The new chairman of the board of Smith & Wesson's parent company resigned following reports that he committed a string of armed robberies in the 1950s and 1960s.
James Joseph Minder, 74, who had been an outside director of Smith & Wesson Holding Corp., said he submitted his resignation voluntarily at a directors meeting this week.
"I felt it was the best thing for the company, given the circumstances," Minder told The Republican newspaper in Springfield.
Company officials did not immediately return telephone calls seeking comment. The newspaper said the gunmaker was expected to name a replacement on Friday.
The resignation by Minder, who lives in Scottsdale, Ariz., came three weeks after The Arizona Republic reported that he had spent more than 10 years in Michigan prisons in the 1950s and 1960s for a string of armed robberies and an attempted prison escape.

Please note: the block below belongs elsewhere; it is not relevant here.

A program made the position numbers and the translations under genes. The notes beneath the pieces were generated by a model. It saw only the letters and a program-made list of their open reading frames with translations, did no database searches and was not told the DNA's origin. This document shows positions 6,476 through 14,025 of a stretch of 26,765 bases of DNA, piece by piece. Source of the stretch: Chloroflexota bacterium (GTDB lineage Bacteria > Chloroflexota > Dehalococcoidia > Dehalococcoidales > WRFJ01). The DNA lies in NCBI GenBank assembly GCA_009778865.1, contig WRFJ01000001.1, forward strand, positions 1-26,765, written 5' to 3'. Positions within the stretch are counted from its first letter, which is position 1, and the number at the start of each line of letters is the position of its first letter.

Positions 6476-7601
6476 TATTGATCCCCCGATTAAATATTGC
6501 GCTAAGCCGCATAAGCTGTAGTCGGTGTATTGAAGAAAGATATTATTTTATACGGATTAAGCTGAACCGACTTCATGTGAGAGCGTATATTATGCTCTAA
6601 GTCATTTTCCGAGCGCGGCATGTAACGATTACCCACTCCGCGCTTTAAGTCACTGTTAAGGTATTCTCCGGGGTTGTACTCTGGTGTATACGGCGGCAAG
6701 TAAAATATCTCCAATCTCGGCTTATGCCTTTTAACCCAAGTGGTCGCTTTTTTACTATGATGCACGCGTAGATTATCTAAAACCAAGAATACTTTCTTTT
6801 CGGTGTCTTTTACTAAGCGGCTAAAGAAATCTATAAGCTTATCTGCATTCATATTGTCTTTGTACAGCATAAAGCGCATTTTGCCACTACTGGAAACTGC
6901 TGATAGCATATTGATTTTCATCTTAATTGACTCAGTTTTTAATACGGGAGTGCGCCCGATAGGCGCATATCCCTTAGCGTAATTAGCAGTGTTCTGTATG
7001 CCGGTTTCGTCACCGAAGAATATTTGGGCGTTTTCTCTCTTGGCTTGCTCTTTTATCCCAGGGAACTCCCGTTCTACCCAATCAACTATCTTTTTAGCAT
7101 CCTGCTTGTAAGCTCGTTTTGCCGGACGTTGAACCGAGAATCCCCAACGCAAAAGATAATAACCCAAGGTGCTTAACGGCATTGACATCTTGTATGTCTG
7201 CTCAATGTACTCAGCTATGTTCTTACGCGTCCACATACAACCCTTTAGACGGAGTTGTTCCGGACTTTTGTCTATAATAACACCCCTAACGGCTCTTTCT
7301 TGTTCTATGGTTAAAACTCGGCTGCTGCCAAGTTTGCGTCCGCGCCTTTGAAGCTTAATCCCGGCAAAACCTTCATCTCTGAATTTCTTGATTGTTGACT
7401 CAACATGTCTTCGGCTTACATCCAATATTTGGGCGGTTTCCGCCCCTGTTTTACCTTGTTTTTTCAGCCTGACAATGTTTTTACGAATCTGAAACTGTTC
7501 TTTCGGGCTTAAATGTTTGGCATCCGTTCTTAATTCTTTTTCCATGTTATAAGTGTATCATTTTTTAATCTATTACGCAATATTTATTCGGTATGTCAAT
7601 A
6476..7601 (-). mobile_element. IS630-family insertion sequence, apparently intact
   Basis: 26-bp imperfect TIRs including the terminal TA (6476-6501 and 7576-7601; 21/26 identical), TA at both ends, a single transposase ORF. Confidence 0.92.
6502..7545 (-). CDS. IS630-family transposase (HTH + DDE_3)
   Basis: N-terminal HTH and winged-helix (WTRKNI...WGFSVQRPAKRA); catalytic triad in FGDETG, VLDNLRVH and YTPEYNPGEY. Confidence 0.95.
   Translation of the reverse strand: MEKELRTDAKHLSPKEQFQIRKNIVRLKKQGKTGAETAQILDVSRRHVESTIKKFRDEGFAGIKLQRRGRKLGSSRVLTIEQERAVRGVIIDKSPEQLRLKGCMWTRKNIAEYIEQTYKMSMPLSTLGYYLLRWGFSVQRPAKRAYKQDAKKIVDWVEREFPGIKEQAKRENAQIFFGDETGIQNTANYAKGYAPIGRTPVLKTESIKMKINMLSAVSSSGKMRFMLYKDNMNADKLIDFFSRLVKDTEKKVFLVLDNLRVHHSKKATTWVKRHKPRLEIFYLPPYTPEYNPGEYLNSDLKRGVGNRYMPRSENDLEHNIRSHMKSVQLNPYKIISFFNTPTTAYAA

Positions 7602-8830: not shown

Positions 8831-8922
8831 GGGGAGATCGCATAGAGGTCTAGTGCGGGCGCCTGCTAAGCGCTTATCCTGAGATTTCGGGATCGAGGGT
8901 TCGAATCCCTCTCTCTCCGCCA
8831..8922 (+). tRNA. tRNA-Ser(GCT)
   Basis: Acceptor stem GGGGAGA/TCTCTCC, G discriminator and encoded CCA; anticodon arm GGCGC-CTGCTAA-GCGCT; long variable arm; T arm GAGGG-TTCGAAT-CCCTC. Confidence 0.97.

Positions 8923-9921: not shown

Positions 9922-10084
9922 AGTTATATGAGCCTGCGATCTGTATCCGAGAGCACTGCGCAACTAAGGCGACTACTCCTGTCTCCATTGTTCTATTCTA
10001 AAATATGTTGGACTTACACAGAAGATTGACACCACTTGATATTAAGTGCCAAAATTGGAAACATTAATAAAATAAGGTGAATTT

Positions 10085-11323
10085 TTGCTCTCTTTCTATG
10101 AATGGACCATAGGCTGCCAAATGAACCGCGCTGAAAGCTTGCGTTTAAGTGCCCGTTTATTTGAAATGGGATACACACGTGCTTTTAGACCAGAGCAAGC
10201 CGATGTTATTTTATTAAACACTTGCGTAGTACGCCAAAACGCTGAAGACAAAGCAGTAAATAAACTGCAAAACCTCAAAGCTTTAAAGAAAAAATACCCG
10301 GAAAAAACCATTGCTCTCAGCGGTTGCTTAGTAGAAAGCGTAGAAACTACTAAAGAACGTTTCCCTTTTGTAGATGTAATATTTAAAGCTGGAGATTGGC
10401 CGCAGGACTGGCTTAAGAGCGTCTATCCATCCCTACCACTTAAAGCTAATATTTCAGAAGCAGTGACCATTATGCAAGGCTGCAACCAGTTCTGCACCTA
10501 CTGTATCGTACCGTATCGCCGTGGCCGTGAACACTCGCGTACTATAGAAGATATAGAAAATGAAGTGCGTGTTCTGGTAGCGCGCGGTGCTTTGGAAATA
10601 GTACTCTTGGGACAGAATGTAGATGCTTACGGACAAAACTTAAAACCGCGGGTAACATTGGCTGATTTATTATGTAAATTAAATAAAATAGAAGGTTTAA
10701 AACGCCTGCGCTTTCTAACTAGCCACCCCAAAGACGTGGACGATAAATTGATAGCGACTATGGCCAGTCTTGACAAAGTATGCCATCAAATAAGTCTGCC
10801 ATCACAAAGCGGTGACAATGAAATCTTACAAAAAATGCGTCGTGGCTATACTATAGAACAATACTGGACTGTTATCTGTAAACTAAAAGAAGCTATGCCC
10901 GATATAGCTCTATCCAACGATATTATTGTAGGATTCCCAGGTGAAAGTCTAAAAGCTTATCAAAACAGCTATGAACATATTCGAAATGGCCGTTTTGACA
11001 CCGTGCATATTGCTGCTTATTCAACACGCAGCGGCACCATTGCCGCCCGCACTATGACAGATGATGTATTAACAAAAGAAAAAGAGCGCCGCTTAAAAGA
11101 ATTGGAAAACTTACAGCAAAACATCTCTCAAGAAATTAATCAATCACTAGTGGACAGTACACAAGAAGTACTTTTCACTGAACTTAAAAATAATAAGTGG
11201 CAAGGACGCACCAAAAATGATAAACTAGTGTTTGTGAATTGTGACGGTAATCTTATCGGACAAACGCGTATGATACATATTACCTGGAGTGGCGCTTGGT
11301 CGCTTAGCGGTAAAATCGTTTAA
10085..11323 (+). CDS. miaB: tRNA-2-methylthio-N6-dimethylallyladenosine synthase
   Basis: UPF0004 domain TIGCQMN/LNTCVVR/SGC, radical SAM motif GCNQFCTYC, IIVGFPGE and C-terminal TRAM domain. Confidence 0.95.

Minder said he didn't disclose his criminal past to the other directors of the 150-year-old gun company prior to his election as chairman in mid-January.
"Nobody asked," he said, adding he had turned his life around in the 30 years since his release from prison.
Minder was named to Smith & Wesson's board after serving on the board of Saf-T-Hammer, the Scottsdale company that acquired Smith & Wesson in 2001.
Following his release from prison, Minder founded Spectrum Human Services, a nonprofit agency serving delinquent and disabled Michigan youths, and ran it for 20 years before retiring to Arizona in 1997.
In Scottsdale, he was president and chief operating officer of Amherst Consulting Co., a management consulting firm.